First of all, I am really sorry for trying to start every blog with a punny title. Help is being sought.
So I really enjoyed Williams’ analysis of Marx, because his reading of Marx’s interpretations of base and superstructure helped to clear up a lot of the murky area that happens when interpreting the two in relation to one another. As a matter of fact, our discussions about this in class – especially using the skyscraper model – threw me off a little bit, as I kept thinking, “Couldn’t you say that economic exchange is a set of practices? Couldn’t ideologies be manufactured on that ground level, through the dynamics of production and challenges that consistently arise?” And so on and so forth.
It was difficult for me to think of the base as an object, and that is exactly what Williams first addresses in the first part of Base and Superstructure, etc. He reiterates often that we must think of base and superstructure as fluid categories – or not even categories at all, but arbitrary designations. However, I want to discuss one small chunk of the second part of this work, on page 81, in which Williams elaborates on the (misguided) concept of the base as something static and stolid. He rightfully says that the superstructure is perceived as more “varied and variable,” and thus it is easier to contextualize the structures within it historically – i.e. the legal system, or education, and especially ideologies. It comes more naturally to relate these different “limbs” to each other and to the general human moment in time from whence they arose. The base, however, is “given uniform properties,” such as “modes of production” or the economic system of social exchange. However, this detracts from Marx’s original insistence that the base is, in itself, a series of practices or “activities.”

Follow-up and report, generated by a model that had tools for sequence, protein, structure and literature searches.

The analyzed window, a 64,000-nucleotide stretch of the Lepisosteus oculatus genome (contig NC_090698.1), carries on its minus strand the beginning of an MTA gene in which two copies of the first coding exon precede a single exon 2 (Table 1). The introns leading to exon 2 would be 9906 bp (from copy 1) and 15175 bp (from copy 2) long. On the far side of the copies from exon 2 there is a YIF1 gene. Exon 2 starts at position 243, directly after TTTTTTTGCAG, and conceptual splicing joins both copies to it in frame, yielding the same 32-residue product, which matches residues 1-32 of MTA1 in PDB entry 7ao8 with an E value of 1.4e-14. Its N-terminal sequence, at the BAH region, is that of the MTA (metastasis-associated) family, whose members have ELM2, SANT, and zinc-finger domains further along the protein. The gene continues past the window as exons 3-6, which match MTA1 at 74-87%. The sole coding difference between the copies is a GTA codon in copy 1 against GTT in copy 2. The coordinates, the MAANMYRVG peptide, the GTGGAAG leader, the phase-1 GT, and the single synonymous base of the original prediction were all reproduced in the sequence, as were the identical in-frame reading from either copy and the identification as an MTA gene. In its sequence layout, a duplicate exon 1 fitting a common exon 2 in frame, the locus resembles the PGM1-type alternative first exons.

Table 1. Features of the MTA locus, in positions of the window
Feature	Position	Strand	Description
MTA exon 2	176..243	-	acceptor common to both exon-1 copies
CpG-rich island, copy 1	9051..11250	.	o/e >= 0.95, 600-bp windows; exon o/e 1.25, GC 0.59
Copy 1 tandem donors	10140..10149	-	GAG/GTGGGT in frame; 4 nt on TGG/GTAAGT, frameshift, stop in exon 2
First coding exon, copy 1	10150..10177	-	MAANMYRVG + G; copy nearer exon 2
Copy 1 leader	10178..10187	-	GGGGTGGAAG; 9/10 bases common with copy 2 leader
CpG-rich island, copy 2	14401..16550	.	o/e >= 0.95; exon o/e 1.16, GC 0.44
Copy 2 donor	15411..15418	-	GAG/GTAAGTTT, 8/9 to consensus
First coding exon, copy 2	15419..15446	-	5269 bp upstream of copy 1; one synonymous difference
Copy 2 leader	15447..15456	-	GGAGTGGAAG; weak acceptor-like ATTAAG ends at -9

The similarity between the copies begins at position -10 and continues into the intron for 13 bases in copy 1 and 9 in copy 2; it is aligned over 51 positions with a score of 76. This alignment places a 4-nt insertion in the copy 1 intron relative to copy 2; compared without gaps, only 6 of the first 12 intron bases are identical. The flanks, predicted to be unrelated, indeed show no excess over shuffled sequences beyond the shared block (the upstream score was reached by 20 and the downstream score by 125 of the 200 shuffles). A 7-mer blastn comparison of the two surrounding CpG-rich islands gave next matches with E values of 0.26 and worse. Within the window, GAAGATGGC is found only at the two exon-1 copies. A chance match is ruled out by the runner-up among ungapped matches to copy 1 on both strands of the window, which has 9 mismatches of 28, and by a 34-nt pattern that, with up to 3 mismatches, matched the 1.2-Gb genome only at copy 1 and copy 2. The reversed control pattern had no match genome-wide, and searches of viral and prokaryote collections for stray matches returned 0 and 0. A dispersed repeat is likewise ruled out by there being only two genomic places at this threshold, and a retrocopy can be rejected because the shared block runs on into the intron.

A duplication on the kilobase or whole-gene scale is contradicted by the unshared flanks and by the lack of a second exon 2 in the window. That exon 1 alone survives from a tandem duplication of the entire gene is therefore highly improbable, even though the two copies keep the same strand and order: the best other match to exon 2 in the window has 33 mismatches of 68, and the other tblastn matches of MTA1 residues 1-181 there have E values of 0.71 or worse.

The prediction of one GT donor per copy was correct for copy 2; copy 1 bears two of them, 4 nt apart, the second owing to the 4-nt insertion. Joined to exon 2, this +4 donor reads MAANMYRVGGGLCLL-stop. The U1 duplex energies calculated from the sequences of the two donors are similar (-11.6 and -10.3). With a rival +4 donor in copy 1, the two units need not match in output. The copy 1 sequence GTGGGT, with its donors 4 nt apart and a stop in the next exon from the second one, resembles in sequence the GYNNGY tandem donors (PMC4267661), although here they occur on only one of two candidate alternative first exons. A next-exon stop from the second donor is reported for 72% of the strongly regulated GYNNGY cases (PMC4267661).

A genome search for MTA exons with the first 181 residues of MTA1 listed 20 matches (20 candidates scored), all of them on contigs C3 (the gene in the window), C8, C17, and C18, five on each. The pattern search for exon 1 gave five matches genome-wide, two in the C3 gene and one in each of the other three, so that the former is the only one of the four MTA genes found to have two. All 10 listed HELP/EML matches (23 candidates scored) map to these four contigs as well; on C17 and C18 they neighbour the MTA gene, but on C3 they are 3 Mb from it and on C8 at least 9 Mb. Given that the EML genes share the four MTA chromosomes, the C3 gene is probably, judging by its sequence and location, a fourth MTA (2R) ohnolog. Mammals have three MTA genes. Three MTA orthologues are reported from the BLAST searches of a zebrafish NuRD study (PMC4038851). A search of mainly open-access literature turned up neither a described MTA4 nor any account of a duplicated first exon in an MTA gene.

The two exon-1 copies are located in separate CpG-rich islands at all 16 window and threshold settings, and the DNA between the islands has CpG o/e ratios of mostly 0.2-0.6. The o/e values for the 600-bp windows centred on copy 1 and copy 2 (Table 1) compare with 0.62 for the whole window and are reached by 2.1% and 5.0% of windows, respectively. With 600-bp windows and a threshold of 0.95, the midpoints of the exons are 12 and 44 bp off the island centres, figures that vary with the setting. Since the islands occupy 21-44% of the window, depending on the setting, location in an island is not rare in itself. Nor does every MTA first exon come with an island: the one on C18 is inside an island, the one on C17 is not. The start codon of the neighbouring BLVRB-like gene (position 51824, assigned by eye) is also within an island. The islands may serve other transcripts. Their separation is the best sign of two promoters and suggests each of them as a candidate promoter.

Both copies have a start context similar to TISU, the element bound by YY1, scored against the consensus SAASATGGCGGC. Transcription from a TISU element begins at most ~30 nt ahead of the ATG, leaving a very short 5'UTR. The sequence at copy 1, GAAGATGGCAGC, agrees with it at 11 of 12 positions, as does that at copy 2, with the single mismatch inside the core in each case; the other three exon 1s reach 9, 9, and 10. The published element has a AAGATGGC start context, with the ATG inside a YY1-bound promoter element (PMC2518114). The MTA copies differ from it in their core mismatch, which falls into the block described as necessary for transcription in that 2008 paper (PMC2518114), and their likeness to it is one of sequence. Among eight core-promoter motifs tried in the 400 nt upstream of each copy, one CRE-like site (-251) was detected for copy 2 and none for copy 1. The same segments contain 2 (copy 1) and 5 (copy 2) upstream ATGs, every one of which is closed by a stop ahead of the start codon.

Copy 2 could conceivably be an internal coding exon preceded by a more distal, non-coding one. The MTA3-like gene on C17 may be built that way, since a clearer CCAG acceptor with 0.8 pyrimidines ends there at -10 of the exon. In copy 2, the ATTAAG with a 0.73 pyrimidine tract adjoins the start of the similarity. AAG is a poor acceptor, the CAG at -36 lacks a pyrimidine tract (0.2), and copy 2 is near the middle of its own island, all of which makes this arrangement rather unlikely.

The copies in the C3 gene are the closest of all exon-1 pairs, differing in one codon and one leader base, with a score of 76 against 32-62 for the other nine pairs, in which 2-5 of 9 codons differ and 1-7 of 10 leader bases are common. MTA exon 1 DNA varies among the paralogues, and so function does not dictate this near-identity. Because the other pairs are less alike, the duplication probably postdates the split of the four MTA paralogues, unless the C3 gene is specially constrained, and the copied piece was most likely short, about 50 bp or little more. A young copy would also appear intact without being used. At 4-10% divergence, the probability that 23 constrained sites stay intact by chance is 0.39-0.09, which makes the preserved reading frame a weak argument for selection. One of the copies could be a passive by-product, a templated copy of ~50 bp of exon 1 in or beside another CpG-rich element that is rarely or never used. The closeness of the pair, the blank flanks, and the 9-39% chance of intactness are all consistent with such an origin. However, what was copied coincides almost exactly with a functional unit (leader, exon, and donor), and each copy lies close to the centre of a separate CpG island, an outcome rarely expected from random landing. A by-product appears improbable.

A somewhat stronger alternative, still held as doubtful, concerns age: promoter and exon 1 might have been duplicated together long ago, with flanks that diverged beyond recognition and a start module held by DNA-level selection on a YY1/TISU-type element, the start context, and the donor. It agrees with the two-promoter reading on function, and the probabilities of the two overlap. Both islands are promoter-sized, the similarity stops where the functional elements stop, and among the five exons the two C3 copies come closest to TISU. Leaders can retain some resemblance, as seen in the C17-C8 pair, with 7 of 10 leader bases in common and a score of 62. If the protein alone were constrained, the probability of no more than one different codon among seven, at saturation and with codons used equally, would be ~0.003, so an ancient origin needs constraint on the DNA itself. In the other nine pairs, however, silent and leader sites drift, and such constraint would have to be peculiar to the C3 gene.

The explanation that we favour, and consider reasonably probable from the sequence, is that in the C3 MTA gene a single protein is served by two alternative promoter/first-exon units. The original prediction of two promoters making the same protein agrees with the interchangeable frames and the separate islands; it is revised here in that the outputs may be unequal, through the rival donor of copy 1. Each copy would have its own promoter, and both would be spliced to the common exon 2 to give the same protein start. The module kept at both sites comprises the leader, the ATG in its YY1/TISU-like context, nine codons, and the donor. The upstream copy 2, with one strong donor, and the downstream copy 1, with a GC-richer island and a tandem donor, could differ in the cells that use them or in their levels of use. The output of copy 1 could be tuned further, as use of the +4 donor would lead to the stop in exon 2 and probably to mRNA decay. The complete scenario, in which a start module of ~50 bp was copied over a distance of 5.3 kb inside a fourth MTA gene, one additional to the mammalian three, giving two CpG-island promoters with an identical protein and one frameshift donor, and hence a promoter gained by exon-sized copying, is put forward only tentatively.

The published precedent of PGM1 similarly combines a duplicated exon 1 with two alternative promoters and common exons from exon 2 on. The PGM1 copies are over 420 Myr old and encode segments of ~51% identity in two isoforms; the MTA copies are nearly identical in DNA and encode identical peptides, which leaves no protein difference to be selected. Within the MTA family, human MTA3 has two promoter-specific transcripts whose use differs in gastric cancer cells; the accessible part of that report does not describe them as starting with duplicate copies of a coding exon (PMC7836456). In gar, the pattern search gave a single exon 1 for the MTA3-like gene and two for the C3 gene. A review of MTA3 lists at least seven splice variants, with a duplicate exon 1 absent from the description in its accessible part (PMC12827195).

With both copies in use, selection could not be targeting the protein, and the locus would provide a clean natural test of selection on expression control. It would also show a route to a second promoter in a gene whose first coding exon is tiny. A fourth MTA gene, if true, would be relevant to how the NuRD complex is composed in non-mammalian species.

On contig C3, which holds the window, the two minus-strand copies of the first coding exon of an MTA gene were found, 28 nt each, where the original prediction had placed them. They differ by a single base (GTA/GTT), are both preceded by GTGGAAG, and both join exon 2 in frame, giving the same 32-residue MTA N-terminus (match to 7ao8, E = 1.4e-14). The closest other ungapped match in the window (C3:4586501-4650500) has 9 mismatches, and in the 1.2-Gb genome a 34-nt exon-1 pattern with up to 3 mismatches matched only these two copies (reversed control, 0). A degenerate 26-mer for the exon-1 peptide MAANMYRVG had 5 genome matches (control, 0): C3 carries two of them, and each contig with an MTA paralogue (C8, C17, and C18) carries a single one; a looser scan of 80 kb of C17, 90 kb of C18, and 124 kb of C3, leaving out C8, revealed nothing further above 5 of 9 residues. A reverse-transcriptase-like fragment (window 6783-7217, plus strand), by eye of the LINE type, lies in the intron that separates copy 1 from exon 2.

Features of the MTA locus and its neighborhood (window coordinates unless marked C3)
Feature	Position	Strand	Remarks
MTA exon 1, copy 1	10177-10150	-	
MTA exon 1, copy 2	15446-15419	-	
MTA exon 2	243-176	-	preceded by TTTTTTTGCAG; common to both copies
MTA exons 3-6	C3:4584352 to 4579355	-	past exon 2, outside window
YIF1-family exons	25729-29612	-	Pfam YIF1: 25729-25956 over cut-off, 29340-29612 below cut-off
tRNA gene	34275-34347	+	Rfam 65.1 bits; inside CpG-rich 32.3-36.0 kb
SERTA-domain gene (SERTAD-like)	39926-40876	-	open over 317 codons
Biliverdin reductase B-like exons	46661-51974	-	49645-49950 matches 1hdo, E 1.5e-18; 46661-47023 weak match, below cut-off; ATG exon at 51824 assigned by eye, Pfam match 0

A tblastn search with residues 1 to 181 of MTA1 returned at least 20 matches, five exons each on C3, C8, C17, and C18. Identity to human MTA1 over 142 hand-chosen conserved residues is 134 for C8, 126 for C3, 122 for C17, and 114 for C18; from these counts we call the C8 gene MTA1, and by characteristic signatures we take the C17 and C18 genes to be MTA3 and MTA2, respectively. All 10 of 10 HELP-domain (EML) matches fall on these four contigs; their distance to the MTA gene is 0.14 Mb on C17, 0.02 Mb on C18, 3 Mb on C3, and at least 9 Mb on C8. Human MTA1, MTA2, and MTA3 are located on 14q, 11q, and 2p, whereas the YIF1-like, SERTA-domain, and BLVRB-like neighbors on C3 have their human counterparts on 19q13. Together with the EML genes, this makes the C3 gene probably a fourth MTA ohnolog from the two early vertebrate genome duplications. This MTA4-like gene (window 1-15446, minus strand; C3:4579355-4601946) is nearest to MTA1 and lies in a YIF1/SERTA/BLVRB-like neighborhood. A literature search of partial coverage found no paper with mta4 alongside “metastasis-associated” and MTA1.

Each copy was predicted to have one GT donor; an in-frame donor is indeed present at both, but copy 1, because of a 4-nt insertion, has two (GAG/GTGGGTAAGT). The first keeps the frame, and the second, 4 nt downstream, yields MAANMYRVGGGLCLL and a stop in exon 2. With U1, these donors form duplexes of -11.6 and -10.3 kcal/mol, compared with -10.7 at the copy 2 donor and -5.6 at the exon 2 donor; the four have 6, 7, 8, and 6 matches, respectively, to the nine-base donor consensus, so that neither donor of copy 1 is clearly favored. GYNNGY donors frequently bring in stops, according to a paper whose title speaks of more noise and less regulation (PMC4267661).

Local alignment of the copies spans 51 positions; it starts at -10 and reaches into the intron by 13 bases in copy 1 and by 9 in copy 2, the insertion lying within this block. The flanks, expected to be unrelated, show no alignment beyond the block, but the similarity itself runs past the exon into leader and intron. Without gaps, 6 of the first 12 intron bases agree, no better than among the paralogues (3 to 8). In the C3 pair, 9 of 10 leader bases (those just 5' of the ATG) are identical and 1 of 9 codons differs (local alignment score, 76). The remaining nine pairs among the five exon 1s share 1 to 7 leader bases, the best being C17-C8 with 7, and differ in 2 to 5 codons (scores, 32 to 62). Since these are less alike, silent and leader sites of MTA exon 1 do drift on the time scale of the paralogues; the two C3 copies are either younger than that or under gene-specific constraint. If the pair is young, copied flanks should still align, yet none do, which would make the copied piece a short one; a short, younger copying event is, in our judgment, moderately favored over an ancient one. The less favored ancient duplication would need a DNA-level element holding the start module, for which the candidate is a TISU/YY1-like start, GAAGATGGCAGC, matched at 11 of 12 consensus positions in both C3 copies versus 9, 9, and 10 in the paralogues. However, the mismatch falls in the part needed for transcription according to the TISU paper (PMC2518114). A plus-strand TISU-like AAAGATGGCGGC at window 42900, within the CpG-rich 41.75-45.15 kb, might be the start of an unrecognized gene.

This is where it got really interesting for me. Williams subsequently quotes Marx: “It is above all essential to perceive [material production] in its determined historical form and not as a general category.” Marx then cites the marked difference in the actual idea of production itself as it changed from a medieval to a capitalist mode. As we move through history, not only do our systems and objects change, but so does our very understanding of what it means to produce, and why we are doing it, and which superstructures correspond closest with the process of production. For example, young students may not have been thought of as commodities in ancient times, but they surely are now. Everything education-related, from “Hooked on Phonics” to the GRE, is regularly viewed as a collection of processes and activities which churn out a product, which will then be reabsorbed into the workforce or intelligentsia. The same principles may have been at work centuries ago, but this kind of relationship has only become part of our collective understanding of economics with the rise of capitalism.
Marx’s ability to hypothesize about such changes in the relationships between base and superstructure is really mindblowing to me. Although this small quote may seem like a caution – don’t get swept up by the simplicity of these terms – the idea really has huge ramifications for theorists at any historical moment. We should not be shoving all the rules of our current economy into the category of “base,” but taking the time to review what exactly led us to follow our complex system of economic activities. Recognizing connections that pop up between the so-called base and superstructure, and then historically exploring why they happened, can shed more light on what exactly drives a society than fitting pre-defined activities neatly into Marx’s boxes.